When I’m Busy, I’m Busy, and being eco-conscious just adds more

Mutant cucumber

Tuesday was one of those days. A million things on my plate and more coming every minute. Here’s how my day went:

  1. * Got up, got dressed, made breakfast for Little Cheap and me. Put a load of laundry in the washer, watered the garden, made a grocery list including what I’d need for canning projects, gave the dog his three medications to try to get his allergies under control, counted my canning supplies.
  2. * Ate and walked with Little Cheap to the grocery store. Stocked up on fish oil supplements, bought a gallon of milk (local Organic Valley 2%, because Little Cheap says she might drink cow’s milk instead of soy milk — a move that would eliminate a lot of packaging from our lives, and I know that Organic Valley milk in Colorado comes from a co-operative of farmers in northeastern Colorado). Bought recycled tissues for Little Cheap to take to school (we looked at Target yesterday, but Target had no recycled tissues). Walked home sagging under the 50-pound load (we bought honeydew melon, 15 ears of corn, canning salt and some other heavy items).
  3. * Went home, put away groceries, hung laundry out on line, turned off sprinkler accidentally left on (oops).
  4. Rushed into my office while Little Cheap watched the DVD we rented at the store. One conference call was canceled, another was very short. Finished some other projects. Little Cheap got bored, went outside, broke the rule about climbing trees with no grownups present, and was stuck in the tree crying when I found her.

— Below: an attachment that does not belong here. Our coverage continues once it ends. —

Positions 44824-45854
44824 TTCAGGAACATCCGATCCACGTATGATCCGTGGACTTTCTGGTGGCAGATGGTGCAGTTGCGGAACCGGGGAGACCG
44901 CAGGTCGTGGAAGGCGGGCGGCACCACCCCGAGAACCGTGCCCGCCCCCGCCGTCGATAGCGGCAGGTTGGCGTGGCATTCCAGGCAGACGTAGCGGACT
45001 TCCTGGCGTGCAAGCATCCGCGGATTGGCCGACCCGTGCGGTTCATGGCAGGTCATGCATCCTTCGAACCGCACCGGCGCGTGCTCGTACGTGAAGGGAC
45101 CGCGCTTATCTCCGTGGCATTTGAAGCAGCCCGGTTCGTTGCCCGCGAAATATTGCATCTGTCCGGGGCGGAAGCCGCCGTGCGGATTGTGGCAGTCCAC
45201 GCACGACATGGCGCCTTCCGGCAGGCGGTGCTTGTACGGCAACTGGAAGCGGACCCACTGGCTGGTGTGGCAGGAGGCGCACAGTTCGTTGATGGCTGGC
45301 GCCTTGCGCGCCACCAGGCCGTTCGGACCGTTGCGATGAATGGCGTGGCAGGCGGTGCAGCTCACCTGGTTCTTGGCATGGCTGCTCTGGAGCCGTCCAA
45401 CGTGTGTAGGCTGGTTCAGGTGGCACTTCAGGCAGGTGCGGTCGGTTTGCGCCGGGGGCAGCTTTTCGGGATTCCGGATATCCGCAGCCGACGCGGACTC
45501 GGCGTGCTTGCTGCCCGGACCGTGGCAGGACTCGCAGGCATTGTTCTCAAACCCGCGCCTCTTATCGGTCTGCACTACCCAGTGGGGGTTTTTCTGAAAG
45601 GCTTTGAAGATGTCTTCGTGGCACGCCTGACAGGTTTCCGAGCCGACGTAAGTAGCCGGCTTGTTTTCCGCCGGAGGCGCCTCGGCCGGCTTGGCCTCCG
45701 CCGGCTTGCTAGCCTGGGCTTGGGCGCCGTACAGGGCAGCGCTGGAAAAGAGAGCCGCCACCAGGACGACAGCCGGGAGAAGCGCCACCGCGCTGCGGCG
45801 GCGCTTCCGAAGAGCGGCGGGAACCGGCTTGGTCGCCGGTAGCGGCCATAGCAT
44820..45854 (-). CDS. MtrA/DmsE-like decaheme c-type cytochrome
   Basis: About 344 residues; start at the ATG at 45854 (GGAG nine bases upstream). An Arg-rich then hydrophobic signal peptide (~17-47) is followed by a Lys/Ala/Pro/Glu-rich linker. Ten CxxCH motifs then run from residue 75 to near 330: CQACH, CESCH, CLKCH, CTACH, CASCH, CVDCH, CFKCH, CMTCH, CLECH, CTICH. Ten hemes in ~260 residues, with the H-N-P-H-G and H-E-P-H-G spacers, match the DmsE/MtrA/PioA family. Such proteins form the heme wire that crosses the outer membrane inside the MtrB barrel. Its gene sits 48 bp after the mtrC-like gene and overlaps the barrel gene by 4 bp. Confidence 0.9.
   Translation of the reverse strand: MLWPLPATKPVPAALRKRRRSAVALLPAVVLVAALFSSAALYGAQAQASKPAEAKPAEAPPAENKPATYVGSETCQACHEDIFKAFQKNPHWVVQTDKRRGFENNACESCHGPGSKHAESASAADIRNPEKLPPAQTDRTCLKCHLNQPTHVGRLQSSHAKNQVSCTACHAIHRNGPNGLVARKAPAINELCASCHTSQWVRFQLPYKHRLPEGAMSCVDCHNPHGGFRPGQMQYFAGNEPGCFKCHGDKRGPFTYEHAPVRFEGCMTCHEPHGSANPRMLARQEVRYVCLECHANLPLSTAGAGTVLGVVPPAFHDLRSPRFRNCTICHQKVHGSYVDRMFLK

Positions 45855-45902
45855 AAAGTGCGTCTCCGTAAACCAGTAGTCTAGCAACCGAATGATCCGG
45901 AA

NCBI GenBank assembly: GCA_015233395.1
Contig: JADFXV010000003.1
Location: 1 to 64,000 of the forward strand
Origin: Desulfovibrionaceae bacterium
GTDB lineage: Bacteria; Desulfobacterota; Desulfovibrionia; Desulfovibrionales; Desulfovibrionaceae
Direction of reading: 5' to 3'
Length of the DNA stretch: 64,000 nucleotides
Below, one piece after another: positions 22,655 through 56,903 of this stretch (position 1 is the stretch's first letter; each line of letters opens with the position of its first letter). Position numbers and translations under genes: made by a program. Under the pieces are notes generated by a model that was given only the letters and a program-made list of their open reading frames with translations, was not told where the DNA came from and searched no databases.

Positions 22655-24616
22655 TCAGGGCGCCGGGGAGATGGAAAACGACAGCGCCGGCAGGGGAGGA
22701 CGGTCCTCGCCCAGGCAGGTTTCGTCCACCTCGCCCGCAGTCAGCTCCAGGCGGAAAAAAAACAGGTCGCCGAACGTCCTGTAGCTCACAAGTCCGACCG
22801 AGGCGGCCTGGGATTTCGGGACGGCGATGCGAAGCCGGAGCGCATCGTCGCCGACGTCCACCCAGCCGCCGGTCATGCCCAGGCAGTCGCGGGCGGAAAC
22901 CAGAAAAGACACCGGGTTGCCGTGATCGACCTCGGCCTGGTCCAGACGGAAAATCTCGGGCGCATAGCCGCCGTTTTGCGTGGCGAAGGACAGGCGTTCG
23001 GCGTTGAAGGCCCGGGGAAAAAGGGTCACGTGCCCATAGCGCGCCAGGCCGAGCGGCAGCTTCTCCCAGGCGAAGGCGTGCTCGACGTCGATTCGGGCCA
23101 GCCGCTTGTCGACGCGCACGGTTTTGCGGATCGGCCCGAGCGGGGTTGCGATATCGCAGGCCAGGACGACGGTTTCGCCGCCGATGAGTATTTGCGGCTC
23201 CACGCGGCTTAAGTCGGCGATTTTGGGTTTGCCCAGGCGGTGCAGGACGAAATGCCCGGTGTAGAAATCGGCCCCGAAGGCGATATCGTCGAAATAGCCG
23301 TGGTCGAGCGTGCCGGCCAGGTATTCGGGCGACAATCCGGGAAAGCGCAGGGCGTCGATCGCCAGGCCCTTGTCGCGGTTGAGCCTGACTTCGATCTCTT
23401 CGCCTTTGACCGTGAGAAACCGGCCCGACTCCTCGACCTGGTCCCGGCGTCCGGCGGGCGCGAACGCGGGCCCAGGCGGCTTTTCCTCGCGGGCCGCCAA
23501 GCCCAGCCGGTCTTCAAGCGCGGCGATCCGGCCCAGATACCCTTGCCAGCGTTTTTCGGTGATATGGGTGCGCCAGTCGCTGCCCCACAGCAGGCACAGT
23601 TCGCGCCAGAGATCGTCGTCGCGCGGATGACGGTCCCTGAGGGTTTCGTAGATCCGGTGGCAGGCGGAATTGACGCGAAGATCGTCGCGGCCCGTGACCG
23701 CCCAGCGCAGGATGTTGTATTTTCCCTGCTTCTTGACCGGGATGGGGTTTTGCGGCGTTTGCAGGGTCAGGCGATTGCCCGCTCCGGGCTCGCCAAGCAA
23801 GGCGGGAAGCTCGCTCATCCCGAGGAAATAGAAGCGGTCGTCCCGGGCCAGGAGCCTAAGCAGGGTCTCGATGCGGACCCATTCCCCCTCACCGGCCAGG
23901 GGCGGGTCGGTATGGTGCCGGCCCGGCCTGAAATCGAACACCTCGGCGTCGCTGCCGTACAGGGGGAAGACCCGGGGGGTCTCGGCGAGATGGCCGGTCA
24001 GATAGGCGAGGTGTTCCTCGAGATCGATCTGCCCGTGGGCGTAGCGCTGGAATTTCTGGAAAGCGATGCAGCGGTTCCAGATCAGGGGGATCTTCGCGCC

5. * Calmed down Little Cheap, washed her face, made us grilled cheese sandwiches and watermelon for lunch, cut up 4 lbs. of cucumbers for bread-and-butter pickles (yes, the mutant cucumber from above is in there, somewhere) and mixed them with peppers, onions and salt to macerate for three hours. Boiled (homegrown) beets for dinner; boiled beet greens and leaves pruned from the Brussels sprouts and put them in the freezer.
  6. Checked voice mail.
  7. Refilled the dog’s dish about 4 times (he is extra thirsty from the steroids he’s on this week).
  8. * Shucked 19 ears of corn with Little Cheap. Ate (homemade) popsicles.
  9. * Took down and folded laundry.
  10. Ran the dishwasher.
  11. Went to the post office to send a gift to a friend, the library to stock up on books and movies for Little Cheap, and the consignment shop to drop off a bag of kids’ clothing and buy soccer cleats for Little Cheap. A meeting is canceled tomorrow, so I’ll save my Department of Motor Vehicles errand for tomorrow.
  12. Checked e-mail and voice mail.
  13. * Started canning — spent 2.5 hours in the 95-degree heat (and our evaporative cooler isn’t working due to a burst hose) canning one quart of dill pickles, 7 pints of corn relish and 7 pints of bread-and-butter pickles. Dragged a fan upstairs to help circulate some of the steamy air.
  14. * While the jars processed, I got together a spare change of clothes for Little Cheap to leave at school (today is her first day), put together her snack, remembered hot lunch doesn’t start until Sept. 1, put together her lunch and started pulling out food for dinner. Used the leftover water in the sink from “shocking” the boiled corn to water potted plants in front and back yards.
  15. Got Little Cheap to turn off her DVD and come take a shower. Helped her lay out her clothes for tomorrow’s school and her first soccer practice tomorrow afternoon.
  16. Mr. Cheap arrived home just in time to help pull dinner together. Ate beet salad (with organic blue cheese from Organic Valley), Colorado corn on the cob and clearance-priced bread with the family.
  17. Helped get Little Cheap ready for bed. Emptied and reloaded the dishwasher. Paid bills. Checked e-mail and completed two quick work projects. Turned off the computer and went to sleep.

What did I save? What did I spend?

Time: